"For sure Buster and that whole early ‘90s vert generation kind of had bad timing as far as making money and all that. But then again, why do you skate? For fun or for money? In the end, Buster is known as one of the most stylish vert skaters of all-time. He’s not going to retire on it, but if you are into vert, you already know that." -Chris Miller
"When vert was dying, he was the best." -Jason Rogers
Have to admit that, for whatever reason, I've become somewhat fascinated by the tale of Buster Halterman as of late...
For those either not old enough or too trigger-happy with that vert button during the early 90's, Buster is a pioneer of the halfpipe who literally honed his craft inside of a barn in the middle of nowhere. Not in complete anonymity... but close. Quietly inventing tricks that the world had never seen, all by his lonesome in rural Pennsylvania. But word would eventually start to get out about Buster and he was picked up by a few sponsors. A trip was scheduled for Halterman to visit sunny California and upon his arrival, he quickly made a name for himself as he simultaneously scarred the then-booming So-Cal vert scene with this insane new style of his. Skating with childhood heroes at locales he once only dreamed about, suddenly Buster was big time.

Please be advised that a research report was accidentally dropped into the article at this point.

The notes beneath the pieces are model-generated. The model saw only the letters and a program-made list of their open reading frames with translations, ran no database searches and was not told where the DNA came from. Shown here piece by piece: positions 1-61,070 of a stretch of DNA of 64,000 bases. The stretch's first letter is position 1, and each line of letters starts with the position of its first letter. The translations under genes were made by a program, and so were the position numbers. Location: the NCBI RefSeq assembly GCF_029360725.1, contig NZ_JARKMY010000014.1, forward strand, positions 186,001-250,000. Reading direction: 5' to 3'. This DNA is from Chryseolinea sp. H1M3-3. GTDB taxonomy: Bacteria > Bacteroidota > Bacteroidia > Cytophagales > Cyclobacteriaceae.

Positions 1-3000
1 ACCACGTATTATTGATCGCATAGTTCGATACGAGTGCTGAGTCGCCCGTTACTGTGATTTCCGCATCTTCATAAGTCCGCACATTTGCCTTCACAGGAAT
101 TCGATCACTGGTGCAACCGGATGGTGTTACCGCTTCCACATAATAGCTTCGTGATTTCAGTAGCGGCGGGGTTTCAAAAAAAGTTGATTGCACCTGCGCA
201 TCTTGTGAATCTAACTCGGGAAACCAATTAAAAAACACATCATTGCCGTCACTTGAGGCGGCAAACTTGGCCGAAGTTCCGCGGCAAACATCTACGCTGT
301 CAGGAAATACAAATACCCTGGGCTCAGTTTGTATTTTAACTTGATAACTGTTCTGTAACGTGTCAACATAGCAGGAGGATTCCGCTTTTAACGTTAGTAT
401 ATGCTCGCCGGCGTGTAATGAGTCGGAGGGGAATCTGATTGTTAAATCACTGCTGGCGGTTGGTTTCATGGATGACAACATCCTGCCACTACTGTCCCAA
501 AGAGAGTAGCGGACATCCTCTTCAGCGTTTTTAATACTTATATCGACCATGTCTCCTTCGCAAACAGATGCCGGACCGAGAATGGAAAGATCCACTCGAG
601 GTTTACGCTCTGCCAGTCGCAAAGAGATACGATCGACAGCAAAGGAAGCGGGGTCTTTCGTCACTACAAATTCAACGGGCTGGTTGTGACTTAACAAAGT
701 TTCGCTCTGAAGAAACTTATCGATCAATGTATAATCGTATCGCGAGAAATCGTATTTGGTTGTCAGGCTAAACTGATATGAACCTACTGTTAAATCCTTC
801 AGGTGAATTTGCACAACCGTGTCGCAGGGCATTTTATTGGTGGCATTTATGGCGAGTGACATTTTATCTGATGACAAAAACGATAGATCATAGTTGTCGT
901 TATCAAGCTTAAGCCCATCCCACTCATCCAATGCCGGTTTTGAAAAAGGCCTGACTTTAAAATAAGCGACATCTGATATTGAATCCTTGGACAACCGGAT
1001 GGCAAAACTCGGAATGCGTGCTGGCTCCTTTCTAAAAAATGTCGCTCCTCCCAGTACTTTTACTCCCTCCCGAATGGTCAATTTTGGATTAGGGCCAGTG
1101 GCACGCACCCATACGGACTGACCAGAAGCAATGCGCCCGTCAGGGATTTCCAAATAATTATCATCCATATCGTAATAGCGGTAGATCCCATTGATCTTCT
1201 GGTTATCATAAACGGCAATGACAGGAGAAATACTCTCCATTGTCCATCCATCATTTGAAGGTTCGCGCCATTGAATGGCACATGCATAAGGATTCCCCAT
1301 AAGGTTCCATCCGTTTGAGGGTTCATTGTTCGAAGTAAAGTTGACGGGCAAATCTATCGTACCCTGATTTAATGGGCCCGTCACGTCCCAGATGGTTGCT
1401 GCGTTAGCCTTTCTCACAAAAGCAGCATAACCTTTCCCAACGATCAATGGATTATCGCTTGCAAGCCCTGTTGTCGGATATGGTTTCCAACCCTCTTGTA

He was the toast of the town but it wasn't long after Buster ventured out west that his vertical kingdom started to crumble around him.... though not through any fault of his own.You see, there was no way anybody could've known back then that the almighty halfpipe, skateboarding's most popular style and driving force of the entire industry for the last decade, was on the brink of total collapse. But as unfathomable as it was once believed to be, vert was going to die and along with it were the career aspirations of an entire generation of vertical skaters, including Buster's.
I'm not exactly sure what happened to Buster after all that. I know he ended up getting a job at Gullwing for a while and hooked up a few future street notables with the Groove... but I'm not really certain beyond that.
I do know that the ramp still stands in that same barn as always. Sure, the masonite has seen better days and the flat-bottom is covered in pigeon shit. But every once in a while, Buster will come home and skate it. And as that last photo will attest, he still rips. I suppose that's the most important thing. Legendary status.
Big thanks to Jeff Lambert and Peter Furnee for sending in that last photo. And thanks once again to my man JRog.
p.s. sorry for being so damn wordy today.